Our study is not without limitations. First, though we sought to investigate attitudes about women pursuing STEM academia, our vignettes only depicted undergraduates in physics reconsidering plans to continue on to a physics PhD. Attitudes may vary for other STEM fields and other junctures on the career/educational path toward STEM academia. Second, though our study necessitated that we only capture some of the effect of how professors evaluate students based whether students “match” or “mismatch,” our study would benefit from a validated construct of our proposed “match” vs “mismatch” dimension (Borsboom et al., 2004; Kane, 2013). We neither know where professors perceived our vignettes to fall along our proposed dimension, nor were our vignettes designed to portray a wide array of points along this dimension. How much professors’ advice shifted due to undergraduate gender, however, could be highly sensitive to the extent to which professors perceived our students to be “match” or “mismatch” cases. Indeed, studies have shown stereotypes, including gender stereotypes, most likely shape our evaluations when other criteria do not clearly suggest what conclusion we should draw (Barrantes and Eaton, 2018; Heilman, 2012), with ambiguous cases serving as “bias amplifiers” (Tetlock and Boettger, 1989). Recent research on the effects of applicant gender on STEM hiring decisions underscores the possible importance of this on our results: While one recent study found evidence of gender bias at play for candidates with a mix of application strengths and weaknesses (Williams and Ceci, 2015), another found a clear preference for female applicants between equally unmistakably strong candidates (Ceci and Williams, 2015). Without a validated “match” vs “mismatch” construct, what our results suggest about how professors place importance on female retention relative to “matching” is quite limited.

We tested only one way a priority on “sealing the leaks” could manifest within the academic community. Of course, faculty members may be eager to encourage undergraduate women to enter STEM academia, while they and the academy remain systematically and attitudinally biased against women in STEM in other ways. We hope that the evidence we found that academics preferentially encourage women to pursue physics academia more than men will help distinguish where gender bias in STEM persists and, more broadly, help the academy fine-tune its diversity initiatives to best support women in STEM.

Data Availability Statement

The dataset generated and analyzed for this study, as well as the code for all analyses and figures, can be found in the Harvard Dataverse at https://doi.org/10.7910/DVN/NVCCE8.

Ethics Statement

The studies involving human participants were reviewed and approved by Institutional Review Board, Le Moyne College, Syracuse, NY, United States. The participants provided their written informed consent to participate in this study.

Author Contributions

KB and DH designed research, KB and MS performed research, KB and SW analyzed data, KB, DH, SW and MS wrote the paper.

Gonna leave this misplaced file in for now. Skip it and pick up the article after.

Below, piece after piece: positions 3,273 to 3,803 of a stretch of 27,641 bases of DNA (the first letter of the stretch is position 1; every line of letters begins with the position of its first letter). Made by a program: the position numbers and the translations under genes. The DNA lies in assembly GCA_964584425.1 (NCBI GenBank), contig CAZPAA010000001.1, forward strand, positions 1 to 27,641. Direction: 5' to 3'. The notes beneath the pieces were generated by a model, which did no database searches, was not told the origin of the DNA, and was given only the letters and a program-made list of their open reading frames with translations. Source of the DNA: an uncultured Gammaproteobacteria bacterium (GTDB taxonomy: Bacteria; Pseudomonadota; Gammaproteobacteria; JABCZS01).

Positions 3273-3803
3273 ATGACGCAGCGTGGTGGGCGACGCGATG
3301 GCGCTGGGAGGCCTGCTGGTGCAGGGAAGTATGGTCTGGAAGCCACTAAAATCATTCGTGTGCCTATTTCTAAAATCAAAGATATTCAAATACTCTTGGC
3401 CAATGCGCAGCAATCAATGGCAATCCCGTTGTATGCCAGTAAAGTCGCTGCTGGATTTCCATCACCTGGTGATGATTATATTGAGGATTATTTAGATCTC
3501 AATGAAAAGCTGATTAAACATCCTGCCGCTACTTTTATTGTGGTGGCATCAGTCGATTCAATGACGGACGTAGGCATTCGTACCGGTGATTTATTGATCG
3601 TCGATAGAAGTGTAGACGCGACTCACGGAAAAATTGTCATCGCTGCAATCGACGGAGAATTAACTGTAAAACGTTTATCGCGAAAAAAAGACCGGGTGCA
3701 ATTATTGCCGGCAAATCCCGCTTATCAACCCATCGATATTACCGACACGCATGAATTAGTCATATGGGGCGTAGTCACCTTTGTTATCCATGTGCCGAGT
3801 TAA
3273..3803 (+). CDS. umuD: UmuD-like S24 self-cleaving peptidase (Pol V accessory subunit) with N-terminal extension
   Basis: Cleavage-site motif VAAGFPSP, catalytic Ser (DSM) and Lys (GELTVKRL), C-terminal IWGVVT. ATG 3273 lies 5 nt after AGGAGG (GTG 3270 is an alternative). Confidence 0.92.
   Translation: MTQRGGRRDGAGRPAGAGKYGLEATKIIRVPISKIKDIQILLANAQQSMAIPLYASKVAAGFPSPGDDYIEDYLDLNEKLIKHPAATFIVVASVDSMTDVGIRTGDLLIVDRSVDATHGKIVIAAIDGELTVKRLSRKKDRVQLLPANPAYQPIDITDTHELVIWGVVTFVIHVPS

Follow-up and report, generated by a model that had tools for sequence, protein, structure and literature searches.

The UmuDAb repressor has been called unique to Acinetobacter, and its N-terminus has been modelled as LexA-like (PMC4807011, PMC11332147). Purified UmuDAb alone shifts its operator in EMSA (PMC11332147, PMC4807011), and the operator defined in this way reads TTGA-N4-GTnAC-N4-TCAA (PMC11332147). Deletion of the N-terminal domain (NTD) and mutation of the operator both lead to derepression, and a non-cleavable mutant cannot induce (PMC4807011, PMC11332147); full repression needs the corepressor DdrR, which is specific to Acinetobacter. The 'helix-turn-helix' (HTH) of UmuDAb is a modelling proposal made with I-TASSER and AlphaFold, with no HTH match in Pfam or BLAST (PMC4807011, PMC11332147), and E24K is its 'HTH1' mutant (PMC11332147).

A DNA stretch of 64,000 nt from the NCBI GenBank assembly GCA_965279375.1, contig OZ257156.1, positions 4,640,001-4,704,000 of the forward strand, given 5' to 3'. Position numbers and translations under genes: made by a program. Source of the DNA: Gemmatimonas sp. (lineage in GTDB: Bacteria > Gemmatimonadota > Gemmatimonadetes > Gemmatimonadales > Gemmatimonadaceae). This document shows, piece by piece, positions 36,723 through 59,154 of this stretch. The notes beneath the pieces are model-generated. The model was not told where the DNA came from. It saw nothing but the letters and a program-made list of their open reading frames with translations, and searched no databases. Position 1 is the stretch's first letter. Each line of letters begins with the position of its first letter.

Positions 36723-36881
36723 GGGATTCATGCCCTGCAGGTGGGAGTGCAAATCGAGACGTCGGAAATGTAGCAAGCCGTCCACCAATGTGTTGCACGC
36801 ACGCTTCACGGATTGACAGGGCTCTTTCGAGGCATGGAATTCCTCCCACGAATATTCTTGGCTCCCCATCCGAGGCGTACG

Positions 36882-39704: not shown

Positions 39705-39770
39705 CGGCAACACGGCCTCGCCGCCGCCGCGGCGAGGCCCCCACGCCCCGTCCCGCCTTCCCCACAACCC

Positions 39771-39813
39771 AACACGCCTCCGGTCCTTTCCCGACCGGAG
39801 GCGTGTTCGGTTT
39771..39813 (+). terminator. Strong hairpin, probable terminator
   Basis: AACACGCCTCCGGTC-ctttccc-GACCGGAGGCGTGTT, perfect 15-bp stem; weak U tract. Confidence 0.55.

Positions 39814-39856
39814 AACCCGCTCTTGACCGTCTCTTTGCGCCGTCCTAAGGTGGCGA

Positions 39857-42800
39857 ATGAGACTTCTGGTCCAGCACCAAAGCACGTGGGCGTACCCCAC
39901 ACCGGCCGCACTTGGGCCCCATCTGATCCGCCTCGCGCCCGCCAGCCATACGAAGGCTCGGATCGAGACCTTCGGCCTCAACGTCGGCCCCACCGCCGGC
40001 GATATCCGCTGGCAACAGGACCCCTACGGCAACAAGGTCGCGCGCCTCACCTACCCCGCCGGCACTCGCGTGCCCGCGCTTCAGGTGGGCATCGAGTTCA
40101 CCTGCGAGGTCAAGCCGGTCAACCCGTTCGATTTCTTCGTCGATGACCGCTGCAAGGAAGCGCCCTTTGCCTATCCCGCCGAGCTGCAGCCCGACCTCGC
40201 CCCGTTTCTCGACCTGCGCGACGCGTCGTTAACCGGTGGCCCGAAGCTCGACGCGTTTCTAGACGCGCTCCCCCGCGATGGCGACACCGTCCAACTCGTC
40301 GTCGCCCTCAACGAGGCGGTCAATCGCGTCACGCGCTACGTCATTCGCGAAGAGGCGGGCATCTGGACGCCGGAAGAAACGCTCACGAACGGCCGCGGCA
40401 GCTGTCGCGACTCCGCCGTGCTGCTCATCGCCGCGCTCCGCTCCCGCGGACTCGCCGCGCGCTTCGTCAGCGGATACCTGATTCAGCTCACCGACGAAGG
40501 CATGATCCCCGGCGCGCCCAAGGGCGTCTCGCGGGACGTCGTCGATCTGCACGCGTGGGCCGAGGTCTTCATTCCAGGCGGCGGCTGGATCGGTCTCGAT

Funding

KB’s work was supported by a 2018–2019 United States Student Fulbright grant.

Conflict of Interest

Author DH was employed by company C2 Education.

The remaining authors declare that the research was conducted in the absence of any commercial or financial relationships that could be construed as a potential conflict of interest.

Publisher’s Note

All claims expressed in this article are solely those of the authors and do not necessarily represent those of their affiliated organizations, or those of the publisher, the editors, and the reviewers. Any product that may be evaluated in this article, or claim that may be made by its manufacturer, is not guaranteed or endorsed by the publisher.

Acknowledgments

The authors thank Charin Smith of Oswego, NY and the Harvard School of Public Health Department of Biostatistics.

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Keywords: gender bias, women in STEM, underrepresentation of women, physics, diversity, stem

Citation: Bailey K, Horacek D, Worthington S and Schmitz M (2022) Professors Prioritize Increasing Female Retention in Academic Physics Over Advisee’s Interests. Front. Sociol. 6:751703. doi: 10.3389/fsoc.2021.751703

Received: 01 August 2021; Accepted: 28 December 2021;
Published: 02 February 2022.

Edited by:

Gail Crimmins, University of the Sunshine Coast, Australia

Reviewed by:

Jamie Quinton, Flinders University, Australia
Jane Greaves, Cardiff University, United Kingdom

Copyright © 2022 Bailey, Horacek, Worthington and Schmitz. This is an open-access article distributed under the terms of the Creative Commons Attribution License (CC BY). The use, distribution or reproduction in other forums is permitted, provided the original author(s) and the copyright owner(s) are credited and that the original publication in this journal is cited, in accordance with accepted academic practice. No use, distribution or reproduction is permitted which does not comply with these terms.

*Correspondence: Kimberlyn Bailey, kimberlyn.a.bailey@gmail.com